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Book tip from Santiago put Machado on the right path

Chris McCosky
The Detroit News
Dixon Machado

Chicago – The last few years, seeing Dixon Machado bouncing around big-league camp with the Detroit Tigers during spring training, he seemed like a kid in a candy store. Always smiling, always a glint in his eye and pep in his step.

It was clear he was not only doing something he loved – playing professional baseball – he was doing something he was meant to do.

That’s why it was so strange to see Machado this April, after making the Tigers’ 25-man roster out of spring training for the first time in his career, often sitting alone in front of his locker, the ready smile often replaced by a pensive expression.

Didn’t seem like the same guy.

“It was hard at first,” he said Friday. “But I am fine now.”

The smile has come back recently. The bounce in his step is back, too. It looks like Machado is having fun again – which is what you’d expect from a 25-year-old who is realizing his life-long dream.

So what changed?

“I read a book,” he said.

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The book, recommended to Machado by former Tigers utility man Ramon Santiago, is titled, “Mind Gym: An Athlete’s Guide to Inner Excellence,” by Gary Mack. Alex Rodriguez has been the leading proponent of the book.

“I talked to Ramon when he was in Detroit for a couple of days,” Machado said. “He was talking about being a utility guy and how hard it can be. And he told me, ‘Read the book, it’s going to help you.’

“I bought it and started to read it, and it helped me right away. It’s been super-helpful.”

Who better than Santiago to steer a young player around the landmines and pitfalls of adapting to a utility role? Santiago’s road to the big leagues was much like Machado’s. He was one of the organization’s top middle infield prospects ticketed alongside Omar Infante to be the team’s everyday double-play tandem.

He soon had to face the cruel reality that if he was going to stick in the big leagues, it would have to be in a utility role. He would have to figure out how to be productive even though he wasn't getting regular reps.

It wasn’t any easier for Santiago at first than it was for Machado. And somebody suggested that Santiago read “Mind Gym,” which helped him turn the corner. And how he has paid it forward.

“Ramon did the same thing,” Machado said. “He said, ‘You are going to feel frustrated because you are not playing that often. And when you play you don’t get the results that you want. But you’ve got to keep a positive attitude the whole time. You don’t have to show everybody that you feel bad.’”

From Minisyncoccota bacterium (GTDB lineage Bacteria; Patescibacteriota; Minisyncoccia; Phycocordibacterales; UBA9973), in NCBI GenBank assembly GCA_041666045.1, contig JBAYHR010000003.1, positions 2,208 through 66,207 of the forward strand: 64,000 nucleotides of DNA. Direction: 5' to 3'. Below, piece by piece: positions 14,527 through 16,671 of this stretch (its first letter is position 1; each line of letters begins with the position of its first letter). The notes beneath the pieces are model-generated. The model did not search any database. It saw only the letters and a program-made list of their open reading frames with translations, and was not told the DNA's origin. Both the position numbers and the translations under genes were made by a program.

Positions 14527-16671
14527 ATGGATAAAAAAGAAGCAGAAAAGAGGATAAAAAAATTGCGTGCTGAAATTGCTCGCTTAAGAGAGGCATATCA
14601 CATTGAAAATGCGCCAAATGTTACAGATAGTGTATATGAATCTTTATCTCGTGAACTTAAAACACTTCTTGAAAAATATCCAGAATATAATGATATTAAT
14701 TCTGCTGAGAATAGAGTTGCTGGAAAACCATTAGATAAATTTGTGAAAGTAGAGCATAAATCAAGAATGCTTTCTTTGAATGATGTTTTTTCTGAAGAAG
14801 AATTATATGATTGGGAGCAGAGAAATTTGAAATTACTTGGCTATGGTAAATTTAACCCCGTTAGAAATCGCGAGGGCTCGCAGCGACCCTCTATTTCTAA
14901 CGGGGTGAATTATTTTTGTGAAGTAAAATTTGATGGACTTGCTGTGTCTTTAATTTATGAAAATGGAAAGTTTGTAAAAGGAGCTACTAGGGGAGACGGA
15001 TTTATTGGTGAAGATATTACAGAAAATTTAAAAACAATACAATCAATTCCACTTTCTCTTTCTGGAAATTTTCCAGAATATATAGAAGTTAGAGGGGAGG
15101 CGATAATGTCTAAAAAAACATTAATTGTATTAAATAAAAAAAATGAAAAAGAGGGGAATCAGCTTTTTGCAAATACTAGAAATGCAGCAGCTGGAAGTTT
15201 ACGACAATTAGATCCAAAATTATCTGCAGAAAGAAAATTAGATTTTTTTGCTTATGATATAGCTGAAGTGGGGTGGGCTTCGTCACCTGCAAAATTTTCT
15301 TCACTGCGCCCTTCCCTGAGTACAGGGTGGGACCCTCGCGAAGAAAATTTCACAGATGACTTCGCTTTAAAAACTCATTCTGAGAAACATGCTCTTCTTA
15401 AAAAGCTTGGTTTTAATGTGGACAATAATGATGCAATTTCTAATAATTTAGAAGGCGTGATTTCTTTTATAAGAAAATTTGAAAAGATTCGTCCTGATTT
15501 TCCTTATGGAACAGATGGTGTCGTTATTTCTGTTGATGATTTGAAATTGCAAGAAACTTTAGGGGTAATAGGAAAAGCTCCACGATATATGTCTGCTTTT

Those are some of the tenants the book espouses, along with maintaining confidence and an unwavering self-belief.

“The book talks about how to keep yourself positive, how to keep a good attitude the whole time,” he said. “Believe in yourself. You can do stuff that maybe some people think you can’t. But you have to keep it in your mind that you can do it and just keep working.”

Dixon Machado has appeared in 16 games for the Tigers this season.

The Tigers organizationally have no doubt Machado can play shortstop at the big-league level. He has plus range and a strong arm. He didn’t need to prove that to them. But he was asked to fill in at second and third base, also – though not very often.

He got four starts in April, got just two hits in his first 17 at-bats and had a couple of uncharacteristic misadventures in the field.

The combination of not playing much and not playing up to his standards knocked him down, but only for a minute.

“I started to get used to it,” he said, of his sporadic playing time. “I just told myself I had to keep working, I had to get better at my weaknesses. When bad stuff happens, you have to see the positive side and try to get better. That’s what I am doing.”

Since the calendar turned to May, Machado has hit .333 (5-for-15, with a pair of walks). He got a start at third base Thursday and crushed a ball some 400 feet to center field, only to see it fall into George Springer’s glove.

“I thought that was in the gap,” he said. “At least.”

The next time up he got some justice when a broken-bat blooper fell in for a single.

He was asked if his rough adaptation to a utility role helped make him better, tougher.

“For sure,” he said. “It was the mental part. I’d never been in the situation before so it was like a process. I had to understand that I had to work, work, work the whole time to keep in good shape. It has made me better. I learned some stuff mentally, and that helps, too.

“And hopefully when I get to play more I will start doing better. I know my situation right now. I have to get used to it and try to help the team whenever they put me out there – and hopefully it’s more often.”

That’s another lesson he’s learned about being a successful utility player. As Andrew Romine has showed, never stop believing you are an everyday player. Show up every day expecting and preparing to be in the lineup.

Twitter @cmccosky